An appreciative awareness and thankfulness for kindness shown or a gift received: Notes of gratitudes were sent expressing the family’s sincere gratefulness to all of the people who presented them with messages of sympathy and flowers after the death of their father.
habitude (HAB i tood", HAB i tyood") (s) (noun), habitudes (pl)
A proper way or manner of behaving; a good habit: One good habitude that Jill learned while growing up was to brush her teeth in the morning and in the evening before going to bed.
hebetude (HEB uh tood, HEB uh tyood) (s) (noun), hebetudes (pl)
1. A listlessness, lethargy, or laziness of the mind: Hebetude is not always stupidity; however, it is a mental slowness or dullness when reacting to one's environment or situation.
2. Etymology: from Late Latin hebetudo, from Latin hebes, hebet, "dull-witted", or "brainless".
Senseless, stupidity.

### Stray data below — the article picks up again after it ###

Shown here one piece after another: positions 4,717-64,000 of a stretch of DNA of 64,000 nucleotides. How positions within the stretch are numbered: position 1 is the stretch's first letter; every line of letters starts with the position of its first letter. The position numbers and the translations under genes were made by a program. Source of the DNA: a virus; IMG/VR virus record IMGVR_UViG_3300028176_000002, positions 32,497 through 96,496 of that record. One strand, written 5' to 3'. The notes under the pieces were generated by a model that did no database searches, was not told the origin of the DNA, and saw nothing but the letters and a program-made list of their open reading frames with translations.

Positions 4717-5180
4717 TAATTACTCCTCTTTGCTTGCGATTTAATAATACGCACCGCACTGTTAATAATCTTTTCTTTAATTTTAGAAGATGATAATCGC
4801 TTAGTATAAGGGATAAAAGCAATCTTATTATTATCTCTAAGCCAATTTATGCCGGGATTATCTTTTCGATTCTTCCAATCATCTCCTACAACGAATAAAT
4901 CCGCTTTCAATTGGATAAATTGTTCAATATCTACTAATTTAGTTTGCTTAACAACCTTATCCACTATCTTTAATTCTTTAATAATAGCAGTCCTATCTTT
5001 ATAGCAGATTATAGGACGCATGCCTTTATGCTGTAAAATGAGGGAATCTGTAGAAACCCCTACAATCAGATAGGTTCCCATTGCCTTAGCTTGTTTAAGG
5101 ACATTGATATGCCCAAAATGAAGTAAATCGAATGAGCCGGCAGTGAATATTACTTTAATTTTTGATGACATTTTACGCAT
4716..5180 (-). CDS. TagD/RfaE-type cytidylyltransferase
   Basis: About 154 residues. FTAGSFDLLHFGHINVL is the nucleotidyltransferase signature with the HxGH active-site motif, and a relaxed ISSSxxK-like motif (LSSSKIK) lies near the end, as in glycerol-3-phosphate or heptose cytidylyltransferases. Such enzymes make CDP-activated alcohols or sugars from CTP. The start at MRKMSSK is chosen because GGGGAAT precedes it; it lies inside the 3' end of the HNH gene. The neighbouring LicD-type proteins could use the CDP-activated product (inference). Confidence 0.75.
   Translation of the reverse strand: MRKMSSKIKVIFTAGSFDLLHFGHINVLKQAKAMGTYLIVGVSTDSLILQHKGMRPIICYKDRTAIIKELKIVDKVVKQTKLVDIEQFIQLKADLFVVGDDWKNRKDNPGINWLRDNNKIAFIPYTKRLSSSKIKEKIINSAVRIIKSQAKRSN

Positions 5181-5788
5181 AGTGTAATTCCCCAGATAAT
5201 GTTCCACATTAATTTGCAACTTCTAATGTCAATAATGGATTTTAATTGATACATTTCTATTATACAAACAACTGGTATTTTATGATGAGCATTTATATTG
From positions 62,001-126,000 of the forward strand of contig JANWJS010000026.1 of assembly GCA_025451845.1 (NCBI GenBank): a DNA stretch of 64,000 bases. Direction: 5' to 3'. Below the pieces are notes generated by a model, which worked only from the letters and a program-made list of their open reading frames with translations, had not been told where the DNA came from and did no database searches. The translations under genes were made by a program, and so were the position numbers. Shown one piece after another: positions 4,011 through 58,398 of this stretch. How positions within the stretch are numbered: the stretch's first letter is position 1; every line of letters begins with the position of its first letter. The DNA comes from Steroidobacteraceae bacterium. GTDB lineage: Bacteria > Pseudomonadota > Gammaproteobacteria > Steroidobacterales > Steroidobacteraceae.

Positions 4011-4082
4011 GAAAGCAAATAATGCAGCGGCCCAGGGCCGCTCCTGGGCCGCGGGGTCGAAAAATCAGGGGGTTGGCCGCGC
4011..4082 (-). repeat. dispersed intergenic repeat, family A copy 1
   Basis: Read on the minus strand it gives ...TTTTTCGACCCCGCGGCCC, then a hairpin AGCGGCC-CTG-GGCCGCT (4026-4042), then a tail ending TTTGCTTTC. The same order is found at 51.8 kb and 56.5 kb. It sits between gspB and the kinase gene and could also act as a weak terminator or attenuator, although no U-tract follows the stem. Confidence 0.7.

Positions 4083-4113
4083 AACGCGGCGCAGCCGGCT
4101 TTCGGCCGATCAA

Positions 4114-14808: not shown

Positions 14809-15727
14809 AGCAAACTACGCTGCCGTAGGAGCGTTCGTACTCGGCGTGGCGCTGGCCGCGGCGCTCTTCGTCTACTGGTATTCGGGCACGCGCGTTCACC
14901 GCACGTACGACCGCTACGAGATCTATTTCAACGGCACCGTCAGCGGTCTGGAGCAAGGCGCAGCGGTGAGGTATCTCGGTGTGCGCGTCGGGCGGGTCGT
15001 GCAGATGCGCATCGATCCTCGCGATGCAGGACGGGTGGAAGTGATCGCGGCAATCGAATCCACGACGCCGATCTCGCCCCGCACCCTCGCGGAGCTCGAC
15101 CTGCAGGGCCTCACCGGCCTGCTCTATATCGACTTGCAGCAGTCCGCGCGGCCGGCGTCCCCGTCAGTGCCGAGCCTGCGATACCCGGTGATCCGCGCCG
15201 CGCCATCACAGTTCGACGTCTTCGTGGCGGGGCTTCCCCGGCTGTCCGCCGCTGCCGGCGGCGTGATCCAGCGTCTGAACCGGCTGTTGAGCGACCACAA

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Dullness of mind, irrational.
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inaptitude (in AP ti tood", in AP ti tyood") (s) (noun), inaptitudes (pl)
1. Lack of suitability; the situation of being inappropriate: Joan’s friend showed inaptitude when he started smoking while the others were still eating their dinner at the same table in the restaurant.
2. The absence of the skill or the capability of doing something: Because Tom realized his inaptitude at filling out his income tax form by himself, he decided to have a professional agency do it for him.
Lack of skill.
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incertitude (in SUR ti tood", in SUR ti tyood") (s) (noun), incertitudes (pl)
1. The condition of uncertainty or doubtfulness: Jack showed his incertitude when he was quite hesitant about inviting his friends over when he still had so much homework to do for school.
2. Insecurity or instability: After her mother passed away, Linda was in a state of incertitude, not knowing how to deal with the sadness which came over her.
ineptitude (in EP ti tood", in EP ti tyood") (s) (noun), ineptitudes (pl)
1. Unsuitable or a lack of proper behavior: James displayed his ineptitude at the dinner party by telling too many inappropriate jokes.